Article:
FB Pixel no scriptXpeng to deliver flying cars 'in 2025' as China aims to lead in rule-setting | KrASIA

Xpeng to deliver flying cars ‘in 2025’ as China aims to lead in rule-setting

Written by Nikkei Asia Published on   3 mins read

The EV maker is targeting the commercial segment as rivals aim for corporate use.

Xpeng Aeroht will start taking orders for its flying car late this year, the subsidiary of Chinese electric vehicle maker Xpeng Motors said, with deliveries to start in late 2025.

Xpeng’s vehicle was just one of the flying vehicles on display at the CES consumer tech show in Las Vegas, though the company was the only one to give a timeline for commercial sales.

Xpeng Aeroht displayed a concept electric vertical takeoff and landing flying car at the CES consumer tech show in Las Vegas. Photo courtesy of Xpeng Aeroht.

Dubbed the Land Aircraft Carrier, the modular vehicle consists of two segments: a flying module for low-altitude transport and a six-wheeled module for use on the ground, according to the company.

The vehicle will first be sold in China for more than RMB 1 million (USD 140,000). Buyers should be able to fly the vehicles in designated trial areas first, the company said.

While most of its global peers are targeting business and public service sectors, Xpeng has its sights set on the consumer market. The company also exhibited a concept electric vertical takeoff and landing (eVTOL) flying car at the Las Vegas event. Unlike the Land Aircraft Carrier, this vehicle is a single unit that can both fly and drive.

Brian Gu, co-president of Xpeng Motors, said the company’s products are intended for the Chinese market and the company is actively talking to regulators about a gradual roll out of flying cars in the country.

“I think it will take time to educate the consumers. So, we don’t have any illusion that this thing immediately will be millions of vehicles flying around,” he said, adding that he expected the first batch of buyers will be aviation enthusiasts.

Gu said the company currently has no plan to sell electric cars in the US and is still “discussing internally about the best timing to enter the US” Xpeng started selling EVs in Europe in late 2020.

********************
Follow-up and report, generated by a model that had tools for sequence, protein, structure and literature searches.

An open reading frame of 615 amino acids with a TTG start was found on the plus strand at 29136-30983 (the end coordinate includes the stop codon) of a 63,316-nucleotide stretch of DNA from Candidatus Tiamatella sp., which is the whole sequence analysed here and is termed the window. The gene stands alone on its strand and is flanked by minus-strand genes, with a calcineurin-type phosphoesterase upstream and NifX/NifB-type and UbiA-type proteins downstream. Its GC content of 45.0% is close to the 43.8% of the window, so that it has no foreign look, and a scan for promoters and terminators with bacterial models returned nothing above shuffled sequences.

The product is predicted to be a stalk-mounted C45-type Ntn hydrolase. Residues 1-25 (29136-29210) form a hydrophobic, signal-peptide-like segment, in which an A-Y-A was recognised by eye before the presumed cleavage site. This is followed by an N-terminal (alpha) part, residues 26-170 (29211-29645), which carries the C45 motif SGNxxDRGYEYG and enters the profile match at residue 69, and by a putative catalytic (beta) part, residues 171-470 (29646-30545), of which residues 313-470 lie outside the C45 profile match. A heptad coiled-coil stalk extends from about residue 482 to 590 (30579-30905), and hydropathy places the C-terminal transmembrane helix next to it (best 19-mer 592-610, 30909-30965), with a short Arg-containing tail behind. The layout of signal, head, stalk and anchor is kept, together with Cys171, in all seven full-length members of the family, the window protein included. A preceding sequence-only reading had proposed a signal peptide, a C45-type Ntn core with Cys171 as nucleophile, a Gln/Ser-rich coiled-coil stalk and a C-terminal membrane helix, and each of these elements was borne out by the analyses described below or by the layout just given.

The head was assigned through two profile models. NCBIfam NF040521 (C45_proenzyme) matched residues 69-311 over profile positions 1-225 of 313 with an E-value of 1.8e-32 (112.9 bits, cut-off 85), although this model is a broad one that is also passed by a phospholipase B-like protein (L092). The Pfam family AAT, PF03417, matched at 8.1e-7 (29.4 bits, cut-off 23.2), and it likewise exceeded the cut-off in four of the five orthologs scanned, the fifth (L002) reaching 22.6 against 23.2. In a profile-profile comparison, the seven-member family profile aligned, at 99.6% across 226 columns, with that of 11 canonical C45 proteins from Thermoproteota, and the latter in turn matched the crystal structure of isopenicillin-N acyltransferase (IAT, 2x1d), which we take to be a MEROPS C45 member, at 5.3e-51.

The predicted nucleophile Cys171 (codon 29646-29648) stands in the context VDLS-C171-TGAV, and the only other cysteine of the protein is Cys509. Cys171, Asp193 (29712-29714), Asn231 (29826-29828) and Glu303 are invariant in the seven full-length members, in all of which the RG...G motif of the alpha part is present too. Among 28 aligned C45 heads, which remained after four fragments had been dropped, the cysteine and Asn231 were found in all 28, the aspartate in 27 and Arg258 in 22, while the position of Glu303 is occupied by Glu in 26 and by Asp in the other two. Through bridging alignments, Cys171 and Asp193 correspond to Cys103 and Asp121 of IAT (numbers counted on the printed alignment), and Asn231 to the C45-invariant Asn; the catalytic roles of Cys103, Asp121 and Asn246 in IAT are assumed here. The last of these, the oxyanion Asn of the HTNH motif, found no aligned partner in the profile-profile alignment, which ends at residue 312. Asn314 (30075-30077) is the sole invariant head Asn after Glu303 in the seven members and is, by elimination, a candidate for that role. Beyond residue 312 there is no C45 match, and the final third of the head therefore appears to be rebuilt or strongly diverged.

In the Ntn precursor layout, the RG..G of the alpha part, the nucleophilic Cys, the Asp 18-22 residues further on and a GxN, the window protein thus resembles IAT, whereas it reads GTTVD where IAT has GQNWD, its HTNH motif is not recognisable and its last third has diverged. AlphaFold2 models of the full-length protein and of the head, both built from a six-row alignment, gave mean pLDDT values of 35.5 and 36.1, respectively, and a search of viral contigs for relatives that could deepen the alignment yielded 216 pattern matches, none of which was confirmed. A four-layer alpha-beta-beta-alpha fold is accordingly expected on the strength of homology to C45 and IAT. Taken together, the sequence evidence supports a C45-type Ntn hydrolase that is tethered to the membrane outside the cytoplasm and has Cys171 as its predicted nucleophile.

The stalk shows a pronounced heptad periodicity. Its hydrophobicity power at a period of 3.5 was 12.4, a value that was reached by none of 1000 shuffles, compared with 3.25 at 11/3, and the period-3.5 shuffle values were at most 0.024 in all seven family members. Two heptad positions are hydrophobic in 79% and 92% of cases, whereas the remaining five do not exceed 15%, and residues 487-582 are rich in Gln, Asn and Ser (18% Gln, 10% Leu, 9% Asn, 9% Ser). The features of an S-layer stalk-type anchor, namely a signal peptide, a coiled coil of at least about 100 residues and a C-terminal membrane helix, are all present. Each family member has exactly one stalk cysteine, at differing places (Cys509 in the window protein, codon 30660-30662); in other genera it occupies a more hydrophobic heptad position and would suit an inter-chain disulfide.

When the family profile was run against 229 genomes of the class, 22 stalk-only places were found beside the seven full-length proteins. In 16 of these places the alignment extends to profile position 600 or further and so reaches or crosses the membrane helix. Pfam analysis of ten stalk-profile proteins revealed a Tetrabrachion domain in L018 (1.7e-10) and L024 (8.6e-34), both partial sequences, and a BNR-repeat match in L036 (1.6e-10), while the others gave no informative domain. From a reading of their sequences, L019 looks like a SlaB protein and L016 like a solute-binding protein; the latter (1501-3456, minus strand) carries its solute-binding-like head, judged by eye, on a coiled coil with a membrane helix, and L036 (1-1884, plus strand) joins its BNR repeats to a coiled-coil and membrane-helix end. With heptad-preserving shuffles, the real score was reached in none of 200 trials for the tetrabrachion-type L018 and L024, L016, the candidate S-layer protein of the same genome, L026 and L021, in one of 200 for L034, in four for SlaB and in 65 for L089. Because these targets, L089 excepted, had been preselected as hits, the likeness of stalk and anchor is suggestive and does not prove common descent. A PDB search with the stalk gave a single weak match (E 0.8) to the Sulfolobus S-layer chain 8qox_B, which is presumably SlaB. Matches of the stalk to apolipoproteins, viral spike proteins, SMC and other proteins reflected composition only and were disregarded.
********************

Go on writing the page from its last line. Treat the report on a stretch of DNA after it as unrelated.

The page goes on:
The company still faces challenges in delivering flying vehicles to consumers, however. Components such as batteries and flight control systems must be jointly developed with core suppliers, as there are hardly any mature products available on the market, Qiu Mingquan, vice president of Xpeng Aeroht, told Nikkei Asia.

“We will also encounter issues related to airspace approval, certification and regulations. Consumers may also need to obtain a simple flying license, although such an examination does not currently exist domestically due to the novelty of our product,” Qiu said.

But China is quite supportive of the emerging sector, an executive from another Chinese eVTOL company said, adding Beijing is keen to take the lead in setting global standards for the electric aviation field, similar to its approach to 5G and 6G technologies.

In February 2021, China introduced the concept of a “low-altitude economy” into its national planning, and last year at least 16 provinces incorporated that phrase along with general aviation into their government work reports. The Central Economic Work Conference held in December also highlighted low-altitude economy in policy discussions.

Other exhibitors also showed off flying vehicles at CES. On Tuesday, Supernal, Hyundai Motor Group’s advanced air mobility company, unveiled the S-A2, a pilot-plus-four-passenger eVTOL vehicle product concept. It introduced a prototype at CES in 2020.

Supernal unveiled the S-A2, a pilot-plus-four-passenger eVTOL vehicle product concept, at CES 2024. Image courtesy of Supernal.

Unlike Xpeng, Supernal is targeting businesses rather than individual consumers. The company said it intends to fly the pre-production aircraft before 2026 and have the concept vehicle ready for production by 2028.

“The regulators have been working to evolve their regulations in the past few years and come up with a framework,” an executive from Supernal told Nikkei Asia. “Companies like us and some of our competitors are working with the authorities in the US and Europe at this stage.”

This article first appeared on Nikkei Asia. It has been republished here as part of 36Kr’s ongoing partnership with Nikkei.


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